ELON, N.C. — On a night when the North Carolina men’s basketball team had a win in hand far before the final whistle, one thing was obvious.
Nassir Little has arrived.
Little poured in 21 points on 9-for-13 shooting, grabbed 7 rebounds, and jammed home three highlight reel dunks in North Carolina’s 116-67 win over Elon.
While Little’s considerable athleticism was on display throughout the night, the first-year’s impact went beyond that.
Little was all over the court in his 20 minutes of action. The wing, who was often on the court with other true big men, constantly put himself in position to fight for rebounds on the offensive glass. Of his 7 rebounds, 5 were on the offensive end.
“On Tuesday, I really felt like that that’s something where I lacked, and I knew I could do better,” Little said. “So I just told myself, ‘be aggressive in getting to the glass and just go hard.’”
And go hard he did. Little was the engine of the North Carolina offense when fellow wing Cameron Johnson was on the bench. Johnson, who finished with 21 points of his own, seemingly could not miss. That was especially true in the early going, when the graduate transfer scored 7 of the Tar Heels’ first 9 points. Yet when Johnson went out after committing his second foul with 15:58 remaining in the opening half, Little stepped up.
With seconds left in the first half and Elon showing signs of life on offense, Little sent the Tar Heels into the break with an exclamation point.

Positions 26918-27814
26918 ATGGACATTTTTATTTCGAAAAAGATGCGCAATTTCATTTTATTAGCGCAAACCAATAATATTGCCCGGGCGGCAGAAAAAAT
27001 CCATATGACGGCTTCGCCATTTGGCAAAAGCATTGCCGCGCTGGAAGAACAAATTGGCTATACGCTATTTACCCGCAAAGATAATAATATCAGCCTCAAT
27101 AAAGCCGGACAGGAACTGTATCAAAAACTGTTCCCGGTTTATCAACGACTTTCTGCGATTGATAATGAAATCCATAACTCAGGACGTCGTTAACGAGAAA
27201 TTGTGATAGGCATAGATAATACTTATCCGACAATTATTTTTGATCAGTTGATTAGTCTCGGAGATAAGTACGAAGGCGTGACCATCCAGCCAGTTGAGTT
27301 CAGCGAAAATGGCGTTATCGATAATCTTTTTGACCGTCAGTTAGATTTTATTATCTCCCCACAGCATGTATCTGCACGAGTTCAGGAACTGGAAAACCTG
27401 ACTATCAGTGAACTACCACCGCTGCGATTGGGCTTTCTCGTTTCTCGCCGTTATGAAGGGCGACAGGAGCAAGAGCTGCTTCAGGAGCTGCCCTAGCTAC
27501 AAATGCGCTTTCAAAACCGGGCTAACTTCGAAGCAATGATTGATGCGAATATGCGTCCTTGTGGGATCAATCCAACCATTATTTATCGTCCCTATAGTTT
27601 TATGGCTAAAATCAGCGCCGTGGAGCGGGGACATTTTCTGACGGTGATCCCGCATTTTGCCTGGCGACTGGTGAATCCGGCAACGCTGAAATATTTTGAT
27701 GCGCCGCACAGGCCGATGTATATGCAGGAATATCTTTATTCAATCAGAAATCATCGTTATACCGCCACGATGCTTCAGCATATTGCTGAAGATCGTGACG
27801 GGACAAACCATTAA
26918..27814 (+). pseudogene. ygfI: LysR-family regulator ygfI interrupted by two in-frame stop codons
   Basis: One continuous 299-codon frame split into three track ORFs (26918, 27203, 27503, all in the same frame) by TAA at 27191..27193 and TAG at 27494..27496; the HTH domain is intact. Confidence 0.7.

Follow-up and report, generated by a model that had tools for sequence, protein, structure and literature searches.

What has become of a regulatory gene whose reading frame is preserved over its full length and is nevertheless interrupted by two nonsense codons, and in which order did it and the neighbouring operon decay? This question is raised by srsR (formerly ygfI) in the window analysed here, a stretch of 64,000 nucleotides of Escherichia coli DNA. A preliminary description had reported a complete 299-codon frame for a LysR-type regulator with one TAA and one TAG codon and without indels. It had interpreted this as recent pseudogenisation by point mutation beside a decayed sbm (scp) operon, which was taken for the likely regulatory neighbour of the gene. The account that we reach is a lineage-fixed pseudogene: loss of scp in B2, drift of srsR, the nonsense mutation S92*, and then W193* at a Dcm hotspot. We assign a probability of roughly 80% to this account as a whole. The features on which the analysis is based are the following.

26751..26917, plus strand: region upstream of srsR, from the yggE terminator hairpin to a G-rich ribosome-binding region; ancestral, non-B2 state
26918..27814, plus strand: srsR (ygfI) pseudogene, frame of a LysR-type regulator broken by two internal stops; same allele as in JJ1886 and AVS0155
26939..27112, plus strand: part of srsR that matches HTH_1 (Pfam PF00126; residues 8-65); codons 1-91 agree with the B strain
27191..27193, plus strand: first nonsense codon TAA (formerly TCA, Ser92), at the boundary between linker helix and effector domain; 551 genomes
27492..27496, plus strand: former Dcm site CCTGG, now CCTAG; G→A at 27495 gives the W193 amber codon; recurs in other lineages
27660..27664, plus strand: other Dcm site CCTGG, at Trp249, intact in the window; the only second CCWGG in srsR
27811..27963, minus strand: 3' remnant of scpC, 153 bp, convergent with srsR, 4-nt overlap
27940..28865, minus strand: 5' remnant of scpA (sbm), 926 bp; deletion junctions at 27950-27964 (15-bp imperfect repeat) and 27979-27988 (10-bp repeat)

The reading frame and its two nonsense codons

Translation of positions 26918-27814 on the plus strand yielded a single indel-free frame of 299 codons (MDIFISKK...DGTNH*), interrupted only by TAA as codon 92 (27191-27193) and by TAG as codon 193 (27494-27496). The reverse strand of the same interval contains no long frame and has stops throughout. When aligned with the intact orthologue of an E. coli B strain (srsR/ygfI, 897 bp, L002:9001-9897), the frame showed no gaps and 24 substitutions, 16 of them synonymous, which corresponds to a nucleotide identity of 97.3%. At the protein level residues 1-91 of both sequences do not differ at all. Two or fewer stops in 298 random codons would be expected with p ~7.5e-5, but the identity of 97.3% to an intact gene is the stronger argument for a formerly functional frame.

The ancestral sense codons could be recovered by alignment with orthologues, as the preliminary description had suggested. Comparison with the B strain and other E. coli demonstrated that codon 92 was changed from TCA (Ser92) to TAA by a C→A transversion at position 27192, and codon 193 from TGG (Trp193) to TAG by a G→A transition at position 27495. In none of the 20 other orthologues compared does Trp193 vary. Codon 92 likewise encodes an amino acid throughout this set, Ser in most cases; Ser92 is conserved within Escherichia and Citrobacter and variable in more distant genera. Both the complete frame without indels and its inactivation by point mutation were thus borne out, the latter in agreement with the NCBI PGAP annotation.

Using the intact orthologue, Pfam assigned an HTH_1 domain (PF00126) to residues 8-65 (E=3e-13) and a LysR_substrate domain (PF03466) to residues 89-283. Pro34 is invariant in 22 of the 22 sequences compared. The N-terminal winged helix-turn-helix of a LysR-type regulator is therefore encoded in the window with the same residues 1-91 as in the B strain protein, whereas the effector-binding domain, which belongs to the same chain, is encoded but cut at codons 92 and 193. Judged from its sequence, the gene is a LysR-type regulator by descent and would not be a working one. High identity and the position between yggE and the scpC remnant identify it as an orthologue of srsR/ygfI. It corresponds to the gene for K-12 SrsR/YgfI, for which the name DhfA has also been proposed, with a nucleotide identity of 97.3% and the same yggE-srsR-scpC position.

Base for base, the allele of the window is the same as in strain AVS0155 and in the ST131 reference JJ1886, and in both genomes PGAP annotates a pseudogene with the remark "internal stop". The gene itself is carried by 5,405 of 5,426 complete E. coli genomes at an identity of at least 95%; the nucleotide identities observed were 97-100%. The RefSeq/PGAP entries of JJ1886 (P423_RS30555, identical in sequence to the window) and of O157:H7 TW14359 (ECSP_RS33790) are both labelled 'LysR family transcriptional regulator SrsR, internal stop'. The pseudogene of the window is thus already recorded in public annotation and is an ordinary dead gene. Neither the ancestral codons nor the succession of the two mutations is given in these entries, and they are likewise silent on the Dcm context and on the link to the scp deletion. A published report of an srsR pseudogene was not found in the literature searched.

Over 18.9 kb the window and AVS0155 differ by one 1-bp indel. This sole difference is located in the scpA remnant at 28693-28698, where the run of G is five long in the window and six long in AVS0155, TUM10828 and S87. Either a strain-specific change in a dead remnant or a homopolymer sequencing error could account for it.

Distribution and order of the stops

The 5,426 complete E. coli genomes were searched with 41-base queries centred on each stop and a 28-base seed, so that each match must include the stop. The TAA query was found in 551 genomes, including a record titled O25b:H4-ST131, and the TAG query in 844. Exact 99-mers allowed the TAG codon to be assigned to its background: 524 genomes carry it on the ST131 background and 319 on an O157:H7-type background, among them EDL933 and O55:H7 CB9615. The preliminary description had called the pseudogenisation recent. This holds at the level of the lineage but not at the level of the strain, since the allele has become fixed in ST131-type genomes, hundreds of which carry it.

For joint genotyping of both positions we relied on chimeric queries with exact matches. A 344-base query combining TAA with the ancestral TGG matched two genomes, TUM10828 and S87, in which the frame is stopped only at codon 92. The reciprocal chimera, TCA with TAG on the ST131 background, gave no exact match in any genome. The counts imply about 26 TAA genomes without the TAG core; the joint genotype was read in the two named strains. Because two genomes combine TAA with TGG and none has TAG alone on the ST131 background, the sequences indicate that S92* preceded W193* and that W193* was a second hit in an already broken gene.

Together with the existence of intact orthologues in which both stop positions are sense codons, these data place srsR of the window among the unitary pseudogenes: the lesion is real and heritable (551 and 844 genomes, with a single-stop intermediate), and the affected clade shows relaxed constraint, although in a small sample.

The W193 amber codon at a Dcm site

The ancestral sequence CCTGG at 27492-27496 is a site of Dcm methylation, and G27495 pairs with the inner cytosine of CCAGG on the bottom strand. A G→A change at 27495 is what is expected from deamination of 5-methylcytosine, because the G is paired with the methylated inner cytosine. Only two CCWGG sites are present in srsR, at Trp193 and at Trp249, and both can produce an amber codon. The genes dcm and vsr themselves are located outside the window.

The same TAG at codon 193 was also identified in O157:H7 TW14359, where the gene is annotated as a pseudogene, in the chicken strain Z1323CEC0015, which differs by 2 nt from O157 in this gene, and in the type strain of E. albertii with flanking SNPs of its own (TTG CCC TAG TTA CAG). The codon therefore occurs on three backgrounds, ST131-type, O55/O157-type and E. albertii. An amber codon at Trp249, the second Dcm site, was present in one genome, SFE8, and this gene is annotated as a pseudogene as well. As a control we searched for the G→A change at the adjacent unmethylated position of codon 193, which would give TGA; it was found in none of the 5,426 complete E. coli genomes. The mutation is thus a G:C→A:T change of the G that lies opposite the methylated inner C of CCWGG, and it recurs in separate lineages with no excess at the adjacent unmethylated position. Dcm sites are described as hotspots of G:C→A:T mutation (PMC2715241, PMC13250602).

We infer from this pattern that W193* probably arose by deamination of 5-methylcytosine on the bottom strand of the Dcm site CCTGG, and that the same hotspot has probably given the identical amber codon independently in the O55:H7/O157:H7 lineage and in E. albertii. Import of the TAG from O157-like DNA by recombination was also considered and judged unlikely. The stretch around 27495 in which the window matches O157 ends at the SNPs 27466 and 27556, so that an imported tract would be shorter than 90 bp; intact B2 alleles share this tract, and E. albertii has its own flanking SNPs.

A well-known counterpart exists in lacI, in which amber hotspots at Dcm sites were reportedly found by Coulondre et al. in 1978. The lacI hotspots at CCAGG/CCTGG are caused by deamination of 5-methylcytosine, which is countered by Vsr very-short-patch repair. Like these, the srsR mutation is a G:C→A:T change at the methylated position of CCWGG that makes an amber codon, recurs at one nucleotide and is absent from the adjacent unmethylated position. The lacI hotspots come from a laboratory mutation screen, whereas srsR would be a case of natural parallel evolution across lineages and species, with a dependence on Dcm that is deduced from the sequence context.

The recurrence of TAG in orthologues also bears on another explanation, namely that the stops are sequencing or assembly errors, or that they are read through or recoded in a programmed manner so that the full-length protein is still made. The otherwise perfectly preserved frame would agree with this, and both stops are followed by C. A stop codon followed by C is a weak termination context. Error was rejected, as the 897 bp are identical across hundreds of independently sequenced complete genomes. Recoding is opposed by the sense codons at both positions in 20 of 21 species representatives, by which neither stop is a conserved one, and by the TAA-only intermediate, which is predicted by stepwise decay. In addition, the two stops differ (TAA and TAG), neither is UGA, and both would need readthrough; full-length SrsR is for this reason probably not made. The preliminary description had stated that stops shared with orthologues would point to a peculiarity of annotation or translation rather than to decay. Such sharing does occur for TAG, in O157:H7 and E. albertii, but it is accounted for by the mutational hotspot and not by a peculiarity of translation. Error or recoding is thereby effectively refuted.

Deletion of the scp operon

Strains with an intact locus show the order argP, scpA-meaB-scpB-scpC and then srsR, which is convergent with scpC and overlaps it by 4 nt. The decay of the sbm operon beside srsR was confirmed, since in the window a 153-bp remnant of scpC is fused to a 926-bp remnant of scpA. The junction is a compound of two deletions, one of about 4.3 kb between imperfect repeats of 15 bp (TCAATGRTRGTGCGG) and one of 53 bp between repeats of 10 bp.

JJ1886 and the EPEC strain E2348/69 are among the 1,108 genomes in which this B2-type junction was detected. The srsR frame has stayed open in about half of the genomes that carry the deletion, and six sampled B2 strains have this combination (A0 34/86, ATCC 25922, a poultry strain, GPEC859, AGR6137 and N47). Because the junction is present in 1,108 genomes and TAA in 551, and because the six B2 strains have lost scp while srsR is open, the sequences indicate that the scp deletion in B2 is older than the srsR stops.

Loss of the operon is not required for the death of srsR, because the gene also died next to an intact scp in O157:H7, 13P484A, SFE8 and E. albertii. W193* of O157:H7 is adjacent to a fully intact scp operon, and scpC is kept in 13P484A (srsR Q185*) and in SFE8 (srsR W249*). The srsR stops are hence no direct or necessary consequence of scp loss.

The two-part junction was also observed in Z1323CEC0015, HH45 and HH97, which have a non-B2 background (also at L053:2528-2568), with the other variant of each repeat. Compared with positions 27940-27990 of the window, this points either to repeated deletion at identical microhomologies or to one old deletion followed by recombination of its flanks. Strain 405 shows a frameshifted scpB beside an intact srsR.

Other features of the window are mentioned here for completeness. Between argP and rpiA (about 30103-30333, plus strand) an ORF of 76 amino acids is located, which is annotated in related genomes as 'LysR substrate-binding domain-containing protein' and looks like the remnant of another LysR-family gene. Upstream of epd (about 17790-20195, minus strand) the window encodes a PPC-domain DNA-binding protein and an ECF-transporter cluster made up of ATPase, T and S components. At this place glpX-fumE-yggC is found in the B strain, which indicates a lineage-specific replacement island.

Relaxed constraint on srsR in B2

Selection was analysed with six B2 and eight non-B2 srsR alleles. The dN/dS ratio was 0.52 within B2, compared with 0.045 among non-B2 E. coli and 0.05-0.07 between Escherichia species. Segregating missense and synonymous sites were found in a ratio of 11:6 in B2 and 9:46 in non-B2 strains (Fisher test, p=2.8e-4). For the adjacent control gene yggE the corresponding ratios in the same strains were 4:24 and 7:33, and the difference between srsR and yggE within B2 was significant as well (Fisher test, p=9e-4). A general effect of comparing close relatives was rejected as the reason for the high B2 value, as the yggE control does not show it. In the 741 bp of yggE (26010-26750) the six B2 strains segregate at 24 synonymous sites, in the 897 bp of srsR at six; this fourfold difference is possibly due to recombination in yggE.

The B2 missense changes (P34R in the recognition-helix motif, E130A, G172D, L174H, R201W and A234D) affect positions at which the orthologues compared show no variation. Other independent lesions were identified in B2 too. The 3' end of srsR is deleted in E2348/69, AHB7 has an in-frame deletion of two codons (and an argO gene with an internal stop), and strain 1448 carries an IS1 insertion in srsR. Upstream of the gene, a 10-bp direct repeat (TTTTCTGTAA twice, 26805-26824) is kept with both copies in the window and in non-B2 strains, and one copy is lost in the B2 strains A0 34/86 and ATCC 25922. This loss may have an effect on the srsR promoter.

But Little’s scoring versatility and energy are what make him such an asset for Williams’ coaching staff. Fellow first-year Coby White said that’s just the type of player Little is.
“He’s going to be an explosive athlete, he’s going to knock down some jump shots,” White said. “He’s going to play hard and crash the boards. That’s an everyday thing for him that never changes.”
Little did it in every way, from knocking down 3-pointers (he was 2-for-3 from beyond the arc), to driving to the rim. And importantly, he did it on second chance opportunities. Over and over again, he put himself in position to come down with boards. His coach took notice.
“He wants to play more, and that’s the best way to do it, is to get to the board and make things happen,” head coach Roy Williams said.
It certainly helped that the 6-foot-6 Little was guarded for much of the night by 6-foot-4 Steven Santa Anna. His advantage in size and strength plus persistence on the offensive glass helped lead the Tar Heels to a 24-10 offensive rebounding edge.
“He’s freakishly strong — he’s crazy strong,” White said. “Mix that with his explosiveness off the ground, you know can’t be beat.”
Little only posted 7 points and 2 rebounds in UNC’s season-opening win over Wofford. Little and White attribute that to adjusting to college play and not yet being fully comfortable on the court.
But if Little showed anything on Friday night, it’s that he’s comfortable. And a comfortable Little is a dangerous weapon for North Carolina basketball.